Coffee House

Would the Strasbourg Court end up in charge of any system of statutory regulation of the press?

27 November 2012

In just over 18 hours, advance copies of the Leveson Report will be sent to the Prime Minister, various ministers and the other party leaders. The expectation in Westminster is very much that the Prime Minister will steer away from statutory regulation, saying instead that he wants to see if a new beefed up form of independent but non statutory regulation can do the job. Others in the coalition, remain keen on the idea of a one line bill setting up a statutory based but independent regulator.

There is though, as there is with so many stories these days given its intrusion into our national life, an ECHR angle to this debate. One Tory Eurosceptic points out to me that any statutory regulation system would most likely end up with the Court of Human Rights in Strasbourg being the ultimate arbiter of it. Tellingly, Max Mosley has already tried—albeit, unsuccessfully—to use the Strasbourg Court to force newspapers to warn people before publishing a story about them.

Give the perfect gift this Christmas. Buy a subscription for a friend for just £75 and you’ll receive a free gift too. Buy now.

Show comments
  • Vulture

    For those smartarses who constantly claim that the ECHR has nothing whatever to do with the EU, check out that big round logo on the left shoulder of the smirking berk of a judge in the picture.

    • the viceroy’s gin

      …and the rug he’s standing on.

  • HooksLaw

    I am not sure what being ‘eurosceptic’ has to do with the ECHR – we were a founder member. Even without statutory regulation (and Max Mosley) I would have thought that even now if human rights were abused claimants could go to the ECHR.

    In order to make a claim to the ECHR…
    1. You must be a victim of a violation of one or more of the articles of the Convention.
    2. Before you make an application to the ECHR you must pursue any proceedings that you could take in the UK that are capable of providing you with an adequate remedy for the breach of your Convention rights.
    3. If there were no court proceedings that it was reasonable to expect you to take, then you must make your application within six months of the alleged breach of your Convention right.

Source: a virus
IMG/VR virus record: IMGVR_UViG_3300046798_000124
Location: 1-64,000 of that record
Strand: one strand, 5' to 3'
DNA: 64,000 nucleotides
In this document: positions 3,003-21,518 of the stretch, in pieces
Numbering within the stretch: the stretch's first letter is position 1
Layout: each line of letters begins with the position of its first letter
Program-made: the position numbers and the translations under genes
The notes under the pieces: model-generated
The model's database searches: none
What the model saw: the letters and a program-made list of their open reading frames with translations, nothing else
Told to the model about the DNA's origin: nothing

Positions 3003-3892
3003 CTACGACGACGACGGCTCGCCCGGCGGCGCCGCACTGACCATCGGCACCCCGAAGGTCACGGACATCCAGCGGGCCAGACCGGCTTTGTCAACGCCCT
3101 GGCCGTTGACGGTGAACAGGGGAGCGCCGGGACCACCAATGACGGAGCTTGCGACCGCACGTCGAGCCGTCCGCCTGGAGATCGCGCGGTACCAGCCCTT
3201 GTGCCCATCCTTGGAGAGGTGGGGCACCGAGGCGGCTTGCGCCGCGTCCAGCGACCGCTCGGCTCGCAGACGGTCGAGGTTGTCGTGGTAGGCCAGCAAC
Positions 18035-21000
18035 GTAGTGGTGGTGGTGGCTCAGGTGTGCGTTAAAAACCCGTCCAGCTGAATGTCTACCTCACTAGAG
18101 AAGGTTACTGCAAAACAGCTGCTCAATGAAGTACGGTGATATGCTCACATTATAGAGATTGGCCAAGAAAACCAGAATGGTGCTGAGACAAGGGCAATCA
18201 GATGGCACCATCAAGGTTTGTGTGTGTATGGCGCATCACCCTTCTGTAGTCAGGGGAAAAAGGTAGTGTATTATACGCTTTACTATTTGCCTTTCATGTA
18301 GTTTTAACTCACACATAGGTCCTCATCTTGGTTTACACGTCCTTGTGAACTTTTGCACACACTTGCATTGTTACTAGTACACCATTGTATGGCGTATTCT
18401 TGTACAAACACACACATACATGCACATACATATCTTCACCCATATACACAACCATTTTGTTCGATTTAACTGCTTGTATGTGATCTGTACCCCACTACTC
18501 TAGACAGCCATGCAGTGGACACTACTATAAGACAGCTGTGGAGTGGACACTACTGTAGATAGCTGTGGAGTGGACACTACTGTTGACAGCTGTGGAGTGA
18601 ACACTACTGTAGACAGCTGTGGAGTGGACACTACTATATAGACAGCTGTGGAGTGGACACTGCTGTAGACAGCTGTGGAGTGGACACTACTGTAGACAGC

So with or without statutory regulation it seems to me you could go to the ECHR. Point (1) being perhaps the most salient.

    By all means tell me if I am wrong Mr Forsyth, but the above words are the ECHR’s own.

    • TomTom

      Have you ever brought ax case to the ECHR ? It is not as easy as you make out

  • VGA

    Ah well, we’d better stop legislating then, because it’ll all end up in Strasbourg.

    • ScaryBiscuits

      I thought we already had. From HS2 to 80 mph on the motorways, from adoption policies to windmills, not just most of our laws but also most government initiatives these days come out of Europe, with Westminister acting as little more than a relay. Democracy in the EU has become a charade, with governments now in charge of little more than the speed of implementation of what the permanent bureaucracy in Brussels dictates.

  • the viceroy’s gin

    Ahhhhh yes, the Speccie lickspittle hates on UKIP, but come a potential threat to lickspittle livelihood, out comes the evil EU/ECHR boogieman defense, worthy enough to make a UKIPer proud.

    Hypocrisy much?

    • telemachus

      Hear Hear
      The title of this post is one of the most mischievous I have seen on Speccie in a long while.
      Whatever happens Thursday the Chipping Norton angle will not be far away

  • TomTom

    It would not matter if Libel Laws were revoked….they are the real impediment to free press and are an Instrument of Censorship for Fraudsters

Can't find your Web ID? Click here